FEB 23, 2018
Shifting an amortization schedule from 30 years to 20 years is the stuff of accountancy firm meeting boredom-nightmare scenarios, right? Everyone around the table desperately trying not to nod off and faceplant in their fourth cup of coffee of the day.
Not so in super-leveraged, overpromised California, where the debt-bulging system is so delicate that such a move threatens the structural integrity of municipal governments. This simple tweak to CalPERS, the California Public Employees' Retirement System, may be the difference between cities financially surviving and being driven into forced bankruptcy.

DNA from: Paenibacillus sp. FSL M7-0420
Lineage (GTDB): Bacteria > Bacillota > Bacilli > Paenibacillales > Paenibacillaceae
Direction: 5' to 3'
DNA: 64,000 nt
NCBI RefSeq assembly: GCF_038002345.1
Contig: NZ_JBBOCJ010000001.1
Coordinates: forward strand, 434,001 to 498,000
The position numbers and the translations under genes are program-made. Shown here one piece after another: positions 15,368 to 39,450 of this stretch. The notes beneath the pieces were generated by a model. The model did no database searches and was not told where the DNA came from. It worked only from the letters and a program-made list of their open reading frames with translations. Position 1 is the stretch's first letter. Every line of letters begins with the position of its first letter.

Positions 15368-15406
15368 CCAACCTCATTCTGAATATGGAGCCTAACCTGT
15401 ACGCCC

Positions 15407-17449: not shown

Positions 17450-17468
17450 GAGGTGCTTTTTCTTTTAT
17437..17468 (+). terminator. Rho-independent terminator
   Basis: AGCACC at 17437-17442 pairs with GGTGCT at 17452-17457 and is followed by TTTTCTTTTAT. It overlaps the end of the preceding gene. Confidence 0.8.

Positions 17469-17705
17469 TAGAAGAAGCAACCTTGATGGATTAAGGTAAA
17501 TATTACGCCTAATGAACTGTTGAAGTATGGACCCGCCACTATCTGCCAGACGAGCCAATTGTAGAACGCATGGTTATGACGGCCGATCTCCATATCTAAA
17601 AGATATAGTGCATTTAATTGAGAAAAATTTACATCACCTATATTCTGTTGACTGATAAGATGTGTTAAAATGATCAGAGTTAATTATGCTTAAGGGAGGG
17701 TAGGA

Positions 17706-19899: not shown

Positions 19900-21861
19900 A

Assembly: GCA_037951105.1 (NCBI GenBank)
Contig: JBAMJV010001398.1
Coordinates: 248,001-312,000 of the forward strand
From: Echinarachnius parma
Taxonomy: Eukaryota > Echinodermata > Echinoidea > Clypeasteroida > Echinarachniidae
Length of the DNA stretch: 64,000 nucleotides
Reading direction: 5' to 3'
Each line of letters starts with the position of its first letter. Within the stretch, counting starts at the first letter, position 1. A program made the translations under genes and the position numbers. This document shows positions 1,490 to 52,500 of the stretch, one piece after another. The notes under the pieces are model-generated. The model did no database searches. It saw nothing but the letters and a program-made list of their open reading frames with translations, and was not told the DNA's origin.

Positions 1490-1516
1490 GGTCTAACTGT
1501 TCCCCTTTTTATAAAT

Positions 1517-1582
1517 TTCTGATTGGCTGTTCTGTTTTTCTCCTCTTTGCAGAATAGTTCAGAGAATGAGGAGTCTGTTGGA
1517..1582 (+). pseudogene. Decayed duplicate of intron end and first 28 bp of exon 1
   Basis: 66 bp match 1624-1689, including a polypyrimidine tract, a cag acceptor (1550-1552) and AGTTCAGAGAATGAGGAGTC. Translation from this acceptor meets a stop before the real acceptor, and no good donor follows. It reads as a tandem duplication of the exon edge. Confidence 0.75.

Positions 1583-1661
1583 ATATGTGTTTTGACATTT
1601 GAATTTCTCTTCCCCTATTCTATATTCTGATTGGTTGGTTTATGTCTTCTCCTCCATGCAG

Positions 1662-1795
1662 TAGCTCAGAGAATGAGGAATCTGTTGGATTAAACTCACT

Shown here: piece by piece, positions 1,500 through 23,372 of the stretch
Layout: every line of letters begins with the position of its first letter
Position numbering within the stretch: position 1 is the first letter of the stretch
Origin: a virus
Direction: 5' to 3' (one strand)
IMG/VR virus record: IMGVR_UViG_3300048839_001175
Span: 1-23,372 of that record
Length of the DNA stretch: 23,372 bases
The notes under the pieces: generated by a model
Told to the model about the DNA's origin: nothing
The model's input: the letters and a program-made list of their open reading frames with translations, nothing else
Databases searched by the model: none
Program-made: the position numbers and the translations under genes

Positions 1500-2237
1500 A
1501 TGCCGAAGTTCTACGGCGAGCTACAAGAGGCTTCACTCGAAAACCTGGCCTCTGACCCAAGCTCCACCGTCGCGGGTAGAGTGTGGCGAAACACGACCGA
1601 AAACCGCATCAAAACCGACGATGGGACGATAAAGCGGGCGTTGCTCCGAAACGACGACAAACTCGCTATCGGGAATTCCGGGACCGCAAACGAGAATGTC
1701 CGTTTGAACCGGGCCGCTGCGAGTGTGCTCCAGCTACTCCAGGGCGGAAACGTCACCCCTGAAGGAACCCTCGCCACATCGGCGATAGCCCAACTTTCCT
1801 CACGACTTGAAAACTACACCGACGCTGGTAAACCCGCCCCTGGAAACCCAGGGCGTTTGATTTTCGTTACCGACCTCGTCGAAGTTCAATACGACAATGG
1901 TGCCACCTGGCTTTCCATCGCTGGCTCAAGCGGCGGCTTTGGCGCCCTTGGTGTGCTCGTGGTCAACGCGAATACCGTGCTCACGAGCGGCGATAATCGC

The bottom line is that the change will require the state government and thousands of local government agencies and school districts to ramp up their mandatory contributions to the huge trust fund.
Client agencies – cities, particularly – were already complaining that double-digit annual increases in CalPERS payments are driving some of them towards insolvency and the new policy, which will kick in next year, will raise those payments even more.
“What we are trying to avoid is a situation where we have a city that is already on the brink, and applying a 20-year amortization schedule would put them over the edge,” a representative of the League of California Cities, Dane Hutchings, told the CalPERS board before its vote.